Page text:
Tracks No. 569

Tracks is Australia's leading surfing magazine. For over 40 years Tracks has tapped into the minds of cheeky grommets and grizzled gurus alike, and remains the voice of hardcore surfing in Australia today. Every month it takes you to the most exotic surfing locations, fills you in on what's happening on the pro-circuit as well as at your local beaches. Tracks is the surfer's bible.

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in this issue

3 min.
what’s your fantasy island?

From the moment they watched Steve Cooney slide across a shimmering Uluwatu wall in ‘Morning of the Earth’ in the early 70s, Bali has had surfers under a spell. Since then the wave-blessed Indonesian Island has evolved into a travel metropolis, visited by an estimated average of five million people a year. Despite the crowds, the traffic chaos, the threat of earthquakes and the scars of terrorism, Bali still remains a version of paradise for many. On an island where the sensory overload has always seemed like a constant, Canggu has emerged as a kind of black sand Bohemia, where surfers and travellers can lose themselves in a heady mix of fun waves, surfboard pluralism, trending philosophies, yoga poses and alluring night life. This issue, the colour and dynamism of Canggu is…

3 min.
marked file

Ryan’s Return to the Fold At the time of writing, Newcastle’s Ryan Callinan heads to Hawaii with his qualification for the 2019 World Tour sewn up. This year he’ll be able to enjoy his North Shore campaign, safe in the knowledge he will be back where he belongs when the tour kicks off at Snapper. There’ll be no last minute qualification anxiety. No need for biting fingernails or crossing fingers. Just a nice Hawaiian vacation, and if anyone deserves one it’s Ryan. You see, in 2016 Ryan achieved his greatest dream when he first qualified for the tour, but he also came face to face with his worst nightmare with the passing of his father, Gary. Grief took its toll on Ryan’s rookie season and he only managed three heat wins –…

6 min.

From The Vault. Mark Ochiluppo, BHP Steele International – 1986. Photo: Tony Nolan In the mid-80s the rivalry between Occy and Tom Curren was surfing’s equivalent to McEnroe Vs Borg in the tennis. Occy was the brash, untamed talent who could bend through a turn with a unique artistry, while Curren was the fluid, but understated maestro. They were famously eight wins each in their head to head battles. Occy pictured here after victory in the final over Curren at the 1986 BHP Steele event at Newcastle. Note the wind-whipped mane, the presence of Coke as a co-sponsor, the sleeveless contest singlet and Occy’s muscle-ripped frame. Read–When a Man Snaps By Stu Spence The marriage of quirky photos with ingeniously witty captions makes this book the perfect gift for someone who likes to look at…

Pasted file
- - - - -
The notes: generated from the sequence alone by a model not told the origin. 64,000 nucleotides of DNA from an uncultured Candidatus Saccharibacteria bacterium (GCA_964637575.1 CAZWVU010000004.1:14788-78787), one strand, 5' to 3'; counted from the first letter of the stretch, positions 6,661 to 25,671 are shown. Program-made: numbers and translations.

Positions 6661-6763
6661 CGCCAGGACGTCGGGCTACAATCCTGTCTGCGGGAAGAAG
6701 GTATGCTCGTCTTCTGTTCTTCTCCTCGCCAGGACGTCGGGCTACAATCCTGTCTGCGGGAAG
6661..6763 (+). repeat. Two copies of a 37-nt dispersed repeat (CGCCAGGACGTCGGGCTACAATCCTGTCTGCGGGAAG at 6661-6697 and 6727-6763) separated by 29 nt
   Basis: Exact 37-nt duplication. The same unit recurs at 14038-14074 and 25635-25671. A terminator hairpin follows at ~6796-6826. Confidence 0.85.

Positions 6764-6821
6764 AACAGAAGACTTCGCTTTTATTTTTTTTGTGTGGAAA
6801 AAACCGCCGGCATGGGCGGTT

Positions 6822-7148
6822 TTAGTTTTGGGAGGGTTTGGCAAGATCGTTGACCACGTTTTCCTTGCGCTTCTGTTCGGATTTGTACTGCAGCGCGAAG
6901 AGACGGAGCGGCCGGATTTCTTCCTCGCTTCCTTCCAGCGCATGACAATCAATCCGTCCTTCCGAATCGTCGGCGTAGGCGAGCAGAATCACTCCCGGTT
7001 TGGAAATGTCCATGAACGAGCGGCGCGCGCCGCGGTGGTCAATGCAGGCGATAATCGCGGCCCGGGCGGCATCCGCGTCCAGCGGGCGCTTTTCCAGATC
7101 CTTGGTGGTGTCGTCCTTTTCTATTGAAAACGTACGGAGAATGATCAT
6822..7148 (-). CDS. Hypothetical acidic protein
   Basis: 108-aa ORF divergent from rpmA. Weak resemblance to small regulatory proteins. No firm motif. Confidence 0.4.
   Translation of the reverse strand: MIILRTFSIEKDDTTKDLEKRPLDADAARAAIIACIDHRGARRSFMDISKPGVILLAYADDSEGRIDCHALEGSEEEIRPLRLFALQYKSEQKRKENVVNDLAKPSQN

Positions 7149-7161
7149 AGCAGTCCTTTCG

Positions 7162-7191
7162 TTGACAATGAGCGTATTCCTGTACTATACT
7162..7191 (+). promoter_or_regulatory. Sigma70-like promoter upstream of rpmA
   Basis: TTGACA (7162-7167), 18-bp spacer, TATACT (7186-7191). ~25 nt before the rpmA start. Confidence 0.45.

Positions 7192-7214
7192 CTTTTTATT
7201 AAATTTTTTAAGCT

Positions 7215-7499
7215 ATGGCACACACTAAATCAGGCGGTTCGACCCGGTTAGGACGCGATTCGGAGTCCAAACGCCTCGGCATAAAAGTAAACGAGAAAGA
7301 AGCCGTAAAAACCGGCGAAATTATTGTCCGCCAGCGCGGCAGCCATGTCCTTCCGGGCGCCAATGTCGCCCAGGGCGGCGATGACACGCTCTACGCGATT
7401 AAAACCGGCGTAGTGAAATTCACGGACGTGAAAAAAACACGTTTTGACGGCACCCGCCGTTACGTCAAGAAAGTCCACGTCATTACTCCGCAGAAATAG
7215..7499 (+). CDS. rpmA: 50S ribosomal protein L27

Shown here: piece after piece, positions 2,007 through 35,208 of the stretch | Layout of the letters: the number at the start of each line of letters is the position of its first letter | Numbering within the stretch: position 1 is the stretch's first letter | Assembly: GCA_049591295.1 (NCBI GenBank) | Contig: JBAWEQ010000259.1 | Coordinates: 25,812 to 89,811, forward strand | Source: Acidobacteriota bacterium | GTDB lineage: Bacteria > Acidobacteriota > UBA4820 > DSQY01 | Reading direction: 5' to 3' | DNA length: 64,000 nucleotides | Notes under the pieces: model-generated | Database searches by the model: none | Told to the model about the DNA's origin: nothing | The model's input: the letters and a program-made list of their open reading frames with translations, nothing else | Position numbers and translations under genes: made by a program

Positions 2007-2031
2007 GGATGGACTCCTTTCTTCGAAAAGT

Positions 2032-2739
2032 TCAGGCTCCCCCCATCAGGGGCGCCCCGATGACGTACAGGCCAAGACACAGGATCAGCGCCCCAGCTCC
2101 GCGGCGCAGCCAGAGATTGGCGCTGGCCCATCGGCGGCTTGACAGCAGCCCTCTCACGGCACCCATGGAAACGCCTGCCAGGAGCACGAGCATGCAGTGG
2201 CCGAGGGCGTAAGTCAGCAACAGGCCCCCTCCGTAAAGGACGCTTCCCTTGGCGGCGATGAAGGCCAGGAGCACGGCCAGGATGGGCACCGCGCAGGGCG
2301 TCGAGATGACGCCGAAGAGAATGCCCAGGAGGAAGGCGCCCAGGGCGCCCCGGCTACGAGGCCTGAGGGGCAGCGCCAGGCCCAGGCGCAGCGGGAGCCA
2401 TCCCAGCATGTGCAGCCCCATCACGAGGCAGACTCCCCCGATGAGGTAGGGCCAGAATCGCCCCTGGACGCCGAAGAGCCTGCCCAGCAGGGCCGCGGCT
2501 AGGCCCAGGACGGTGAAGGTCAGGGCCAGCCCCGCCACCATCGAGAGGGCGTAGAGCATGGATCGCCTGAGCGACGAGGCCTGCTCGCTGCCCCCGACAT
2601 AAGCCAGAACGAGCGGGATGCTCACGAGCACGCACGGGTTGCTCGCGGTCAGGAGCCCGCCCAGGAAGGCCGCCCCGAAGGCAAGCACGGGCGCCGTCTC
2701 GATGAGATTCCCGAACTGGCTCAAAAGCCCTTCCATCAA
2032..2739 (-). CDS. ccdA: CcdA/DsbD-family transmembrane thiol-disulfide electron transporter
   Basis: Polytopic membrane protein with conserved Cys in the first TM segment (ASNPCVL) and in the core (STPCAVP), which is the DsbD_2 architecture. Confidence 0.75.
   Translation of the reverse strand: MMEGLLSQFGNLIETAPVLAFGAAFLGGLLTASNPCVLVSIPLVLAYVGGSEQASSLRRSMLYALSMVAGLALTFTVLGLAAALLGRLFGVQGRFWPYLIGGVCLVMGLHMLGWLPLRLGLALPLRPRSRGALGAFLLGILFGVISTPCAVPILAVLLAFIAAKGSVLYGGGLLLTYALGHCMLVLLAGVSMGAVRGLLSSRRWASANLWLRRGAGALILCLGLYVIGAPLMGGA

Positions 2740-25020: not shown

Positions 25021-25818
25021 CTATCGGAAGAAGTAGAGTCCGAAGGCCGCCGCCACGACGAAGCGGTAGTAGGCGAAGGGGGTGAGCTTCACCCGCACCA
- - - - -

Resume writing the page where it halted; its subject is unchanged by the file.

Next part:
5 min.
tear jerker

The new documentary ‘Momentum Generation’ is a brilliant, honest and emotional exploration of a generation that changed surfing. Tracks talks to Benji Weatherley about the film, his pivotal role and why Kelly Slater is, and isn’t, an asshole. The night before the world premiere of the ‘Momentum Generation’ at the New York Tribeca Film Festival the film’s directors Michael and Jeff Zimbalist contacted Benji Weatherley. “They wanted a private screening as they said it might be too intense for us to watch in front of strangers,” Weatherley tells Tracks. “I said, “How intense can it be? It’s a friggin’ surf documentary.’ Fast forward to me and Dorian sitting in the theatre, half way through the movie holding hands and crying. We were in bits.” The original ‘Momentum’ movie was released in 1992 as…

4 min.
kehu butler

In 2018 Kehu Butler became only the second New Zealander to win an Australasian Junior title, after Maz Quinn back in 1996. The versatile natural footer has a commanding presence in and out of the water; perhaps a product of his early training in Mau Rakau, a traditional Maori martial art. However, despite his apparent self-confidence and success at a junior level, Kehu is well aware only a handful of Kiwi surfers have made an impact at surfing’s highest level and suggests he is prepared to work twice as hard as anyone to bust down the WCT door. Where did you grow up in NZ? I grew up in a place called Mount Maunganui (the Mount) where the waves are pretty flat for most of the year. Even though we have inconsistent…

3 min.
construction zone

One of the things that makes surfing closer to an art-form than a sport is the surfboard itself. Back in the day many of the world’s best hand crafted their own boards and rode them to glory. The big names from the world tour became the big names in surfboards: Mark Richards, Michael Peterson, Gerry Lopez, Wayne Lynch, Simon Anderson, Terry Fitzgerald. The pro surfer/shaper model has faded now that the tour has become more demanding and its athlete’s much wealthier. You just don’t hear of pros shaping their own surfboards any more. Mulloway’s Shaun Cansdell has long been attracted to mowing foam. It’s in his bones, genetics or where ever the shaping urge lives. Even before he qualified for the world tour he was dabbling in foam and resin. “The…